Does your packaging live up to the demands of your products? If your company manufactures and ships biological specimens; batteries, including lithium cells and batteries; radioactive materials; combustible liquids or other potentially flammable materials; explosive devices; weapons such as firearms or knives; or cigarettes, you will have to follow strict regulatory requirements when you package these goods. A business that specializes in package testing can help you come up with a cost-effective shipping strategy.
Shipping Potentially Hazardous Goods
Strict protocols control the packaging and shipment of potentially hazardous goods. Different restrictions apply to goods depending upon their classification.
Many dangerous goods will not be allowed to travel by air, which means your only recourse will be to ship them using ground freight. Some types of dangerous goods may be banned from the countries to which you wish to send them, so confirm they’re allowable before you go to the trouble of packaging them.
The general rules for couriers specify that you can pack no more that 100 milliliters of liquid in one package. Most couriers also stipulate that you can include no more than two batteries in a single package. These rules are subject to change, so check with your preferred carrier before preceding.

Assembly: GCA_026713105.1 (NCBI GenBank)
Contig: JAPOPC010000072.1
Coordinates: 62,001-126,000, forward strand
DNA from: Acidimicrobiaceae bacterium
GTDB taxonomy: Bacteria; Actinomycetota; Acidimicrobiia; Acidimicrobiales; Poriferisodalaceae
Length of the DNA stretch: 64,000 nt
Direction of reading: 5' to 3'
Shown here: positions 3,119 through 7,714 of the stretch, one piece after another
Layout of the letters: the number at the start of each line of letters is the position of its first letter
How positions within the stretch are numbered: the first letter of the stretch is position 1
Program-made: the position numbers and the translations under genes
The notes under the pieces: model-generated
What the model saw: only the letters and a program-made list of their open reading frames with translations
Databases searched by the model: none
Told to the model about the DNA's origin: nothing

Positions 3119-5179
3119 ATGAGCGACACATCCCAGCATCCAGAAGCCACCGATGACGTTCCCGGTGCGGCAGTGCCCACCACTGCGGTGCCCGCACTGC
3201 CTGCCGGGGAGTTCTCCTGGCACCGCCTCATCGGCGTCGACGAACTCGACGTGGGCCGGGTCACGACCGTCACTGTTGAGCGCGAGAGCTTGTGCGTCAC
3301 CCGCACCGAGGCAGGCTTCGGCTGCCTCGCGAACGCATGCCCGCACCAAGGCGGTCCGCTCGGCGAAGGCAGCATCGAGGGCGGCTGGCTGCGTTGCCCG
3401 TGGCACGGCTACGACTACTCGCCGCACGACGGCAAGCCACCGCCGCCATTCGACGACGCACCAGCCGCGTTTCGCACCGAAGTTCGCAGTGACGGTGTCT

Your courier will almost certainly impose additional handling fees on your package. Additionally, you will need to post “Hazard” labels prominently on the package so that personnel dealing with the package will understand the risk. Make sure to identify all dangerous goods as such in any commercial invoice you submit to your carrier.
Durable Shipping Materials
The containers you use to ship your dangerous goods must be extremely durable. Corrugated cardboard actually degrades over time, so if you’re using a corrugated cardboard box, make sure that it is new. Fiberboard boxes are probably your best choice for shipping hazardous materials because they stand up over time, and they are relatively unaffected by changes in atmospheric moisture.
Keep in mind, too, that an empty box will crush more easily than one that is full. If your goods only take up a small part of your shipping box, make sure to fill up the rest of your box with a resilient packing material.